Before sitting down to begin post-production, I thought the editing would be a daunting process. All said and done, we had about three weeks to complete the task. I had been logging and capturing footage throughout the production period so I would not be swamped with the tedious task at the very end. My approach to editing the documentary was somewhat atypical, but the workflow I developed somehow held up. Since I myself am not very well-versed in Spanish, I depended upon Jocelyn and Kelsey’s written translations to sift through the interview footage with Carlos and Salvador. My handle of the language isn’t completely nonexistent, so I was able to match up most of the footage with the translated text on my own. I went through the interview documents and highlighted particular statements I felt best suited the aim of the project, and used these key elements to construct a loose framework for the “story”. I knew exactly how I wanted to start the documentary, and once I had those first few shots on the timeline, I was no longer intimidated by the task at hand. Somehow, what once seemed like completely random action, rally and panel footage came together to support a cohesive narrative. I edited the documentary in nearly chronological order, using specific interview segments to support an overall framework, and after a while something began to take shape. If anything, the most challenging aspect of editing was creating and matching up the subtitles to Carlos and Salvador’s speech. It was extremely tedious, and took a long time to perfect. I did it all within Final Cut Pro using the plain old text tool. Anyway, our group continually reviewed the footage as the project was being edited, and finally we were satisfied with what we had. I found some surprisingly appropriate copyright-free music and still images through online resources, and included some brief segments from the evening news that we somehow luckily (and randomly) taped one night. We settled on ¡Sí, Se Puede! as our title for the film after hearing the phrase being chanted ad infinitum at the rallies we attended. Again, as if by sheer chance, everything seemed to mesh, and post-production wrapped with a final, fourteen-minute short documentary born out of our tens of dozens of hours of work.
The final film documents Carlos and Salvador’s experiences working in the United States, hoping to be able to support their families back home in Mexico. Set against the immigration reform debate at that time, ¡Sí, Se Puede! makes clear the simple desires of undocumented workers, and the conditions they face in trying to achieve their goals.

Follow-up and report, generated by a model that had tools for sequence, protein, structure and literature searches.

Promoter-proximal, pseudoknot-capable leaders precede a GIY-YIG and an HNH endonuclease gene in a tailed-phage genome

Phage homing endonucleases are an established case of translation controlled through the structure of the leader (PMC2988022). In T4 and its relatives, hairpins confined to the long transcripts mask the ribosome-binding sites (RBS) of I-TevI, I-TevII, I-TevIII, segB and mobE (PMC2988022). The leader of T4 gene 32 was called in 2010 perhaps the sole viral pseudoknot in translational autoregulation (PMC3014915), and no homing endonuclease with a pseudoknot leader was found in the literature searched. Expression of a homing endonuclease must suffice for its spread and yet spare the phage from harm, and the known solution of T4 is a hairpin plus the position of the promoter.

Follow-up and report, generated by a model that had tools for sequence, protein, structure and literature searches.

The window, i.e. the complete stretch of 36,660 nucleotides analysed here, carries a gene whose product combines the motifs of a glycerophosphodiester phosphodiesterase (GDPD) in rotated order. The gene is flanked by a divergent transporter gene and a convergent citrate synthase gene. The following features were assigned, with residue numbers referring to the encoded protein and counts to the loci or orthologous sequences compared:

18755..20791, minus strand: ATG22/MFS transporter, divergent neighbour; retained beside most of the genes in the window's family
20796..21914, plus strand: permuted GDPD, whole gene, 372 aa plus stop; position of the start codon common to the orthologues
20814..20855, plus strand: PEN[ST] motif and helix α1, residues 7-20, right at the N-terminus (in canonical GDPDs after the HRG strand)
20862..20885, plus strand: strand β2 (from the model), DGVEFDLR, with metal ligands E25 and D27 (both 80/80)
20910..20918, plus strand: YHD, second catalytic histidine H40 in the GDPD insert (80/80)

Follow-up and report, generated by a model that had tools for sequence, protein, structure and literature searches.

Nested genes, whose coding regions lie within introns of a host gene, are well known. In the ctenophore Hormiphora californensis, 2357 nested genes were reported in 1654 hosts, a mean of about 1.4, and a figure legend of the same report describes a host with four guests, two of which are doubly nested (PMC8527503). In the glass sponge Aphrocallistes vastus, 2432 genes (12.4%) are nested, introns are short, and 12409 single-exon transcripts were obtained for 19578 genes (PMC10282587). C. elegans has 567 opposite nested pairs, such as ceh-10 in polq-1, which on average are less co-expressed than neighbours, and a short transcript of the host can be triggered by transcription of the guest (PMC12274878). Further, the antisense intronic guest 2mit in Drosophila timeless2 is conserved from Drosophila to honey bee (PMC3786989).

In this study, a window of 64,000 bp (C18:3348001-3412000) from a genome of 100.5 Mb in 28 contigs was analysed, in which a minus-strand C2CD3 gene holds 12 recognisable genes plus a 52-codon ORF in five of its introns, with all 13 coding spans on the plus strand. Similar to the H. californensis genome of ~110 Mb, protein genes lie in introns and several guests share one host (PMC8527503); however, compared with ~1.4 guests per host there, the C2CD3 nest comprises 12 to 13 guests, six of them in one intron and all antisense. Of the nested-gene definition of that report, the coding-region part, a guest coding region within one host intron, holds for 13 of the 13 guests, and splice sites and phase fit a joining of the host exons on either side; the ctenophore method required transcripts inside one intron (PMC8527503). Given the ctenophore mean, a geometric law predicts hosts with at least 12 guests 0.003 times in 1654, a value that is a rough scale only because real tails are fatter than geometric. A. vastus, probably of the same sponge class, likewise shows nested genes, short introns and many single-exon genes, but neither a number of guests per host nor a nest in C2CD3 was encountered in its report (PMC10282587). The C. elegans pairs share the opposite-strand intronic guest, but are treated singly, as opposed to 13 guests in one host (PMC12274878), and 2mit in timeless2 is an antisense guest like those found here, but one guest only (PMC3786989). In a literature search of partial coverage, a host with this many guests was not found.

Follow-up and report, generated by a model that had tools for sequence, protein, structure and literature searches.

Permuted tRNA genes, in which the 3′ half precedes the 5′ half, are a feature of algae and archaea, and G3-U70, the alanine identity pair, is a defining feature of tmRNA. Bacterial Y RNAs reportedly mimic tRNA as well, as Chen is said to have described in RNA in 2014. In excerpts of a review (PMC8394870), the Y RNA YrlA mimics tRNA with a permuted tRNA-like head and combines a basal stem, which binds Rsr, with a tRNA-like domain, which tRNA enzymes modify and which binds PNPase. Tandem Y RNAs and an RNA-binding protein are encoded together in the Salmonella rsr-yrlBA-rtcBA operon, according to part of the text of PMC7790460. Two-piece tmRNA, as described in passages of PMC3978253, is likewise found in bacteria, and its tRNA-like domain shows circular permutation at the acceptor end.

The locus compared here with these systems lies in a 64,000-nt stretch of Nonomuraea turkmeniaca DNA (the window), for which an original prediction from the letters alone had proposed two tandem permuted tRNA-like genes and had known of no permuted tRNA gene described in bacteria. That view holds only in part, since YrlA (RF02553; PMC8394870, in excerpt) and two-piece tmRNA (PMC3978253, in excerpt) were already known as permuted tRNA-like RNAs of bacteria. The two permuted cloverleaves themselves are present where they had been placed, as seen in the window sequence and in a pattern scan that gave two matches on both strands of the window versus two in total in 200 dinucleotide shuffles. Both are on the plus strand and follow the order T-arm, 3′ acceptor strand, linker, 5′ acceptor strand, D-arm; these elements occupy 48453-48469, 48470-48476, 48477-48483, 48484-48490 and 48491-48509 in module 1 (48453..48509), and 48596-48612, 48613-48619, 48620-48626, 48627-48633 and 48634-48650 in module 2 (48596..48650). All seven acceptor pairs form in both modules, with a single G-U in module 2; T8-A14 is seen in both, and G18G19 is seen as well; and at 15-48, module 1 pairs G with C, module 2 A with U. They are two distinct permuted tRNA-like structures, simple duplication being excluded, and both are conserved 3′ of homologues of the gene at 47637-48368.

¡Si, Se Puede! proved to be pretty successful, earning one festival screening at the Newburyport Documentary Film Festival (in Massachusetts), and distribution in the Journal of Short Film, a grassroots, quarterly DVD publication that features various shorts from around the world.
Unfortunately, we were not able to submit our film to very many festivals due to the costs, but we did what we could. Thankfully, the film has gained a small bit of attention on the web, and it has had a couple other minor screenings and distribution opportunities since last year.
Overall, the entire experience had been extremely rewarding. Working with my group members, and gaining the trust and friendship of Salvador and Carlos was very fulfilling. We all formed a great bond with them, and it was sad knowing I might never see them again once the project had wrapped. There were many lessons to be learned spending time with Salvador and Carlos, and the documentary production proved, in more ways than one, to be an enlightening learning experience, and it is something that I will not easily forget. On top of that, knowing that our short film has earned even a small level of attention has been very satisfying, and this project has proven to be one of the most significant and rewarding of all the adventures I’ve had during my college career.
Brian Liloia is 22 years old and graduated from The College of New Jersey with a degree in Interactive Multimedia. Most interested by the possibilities of DIY filmmaking, he plans to produce video and documentary work when he moves to an ecovillage community in Missouri this spring. He hopes to raise awareness about the importance of ecological and cultural sustainability through film, while living a self-sufficient, and eco-friendly lifestyle himself. Visit www.small-scale.net and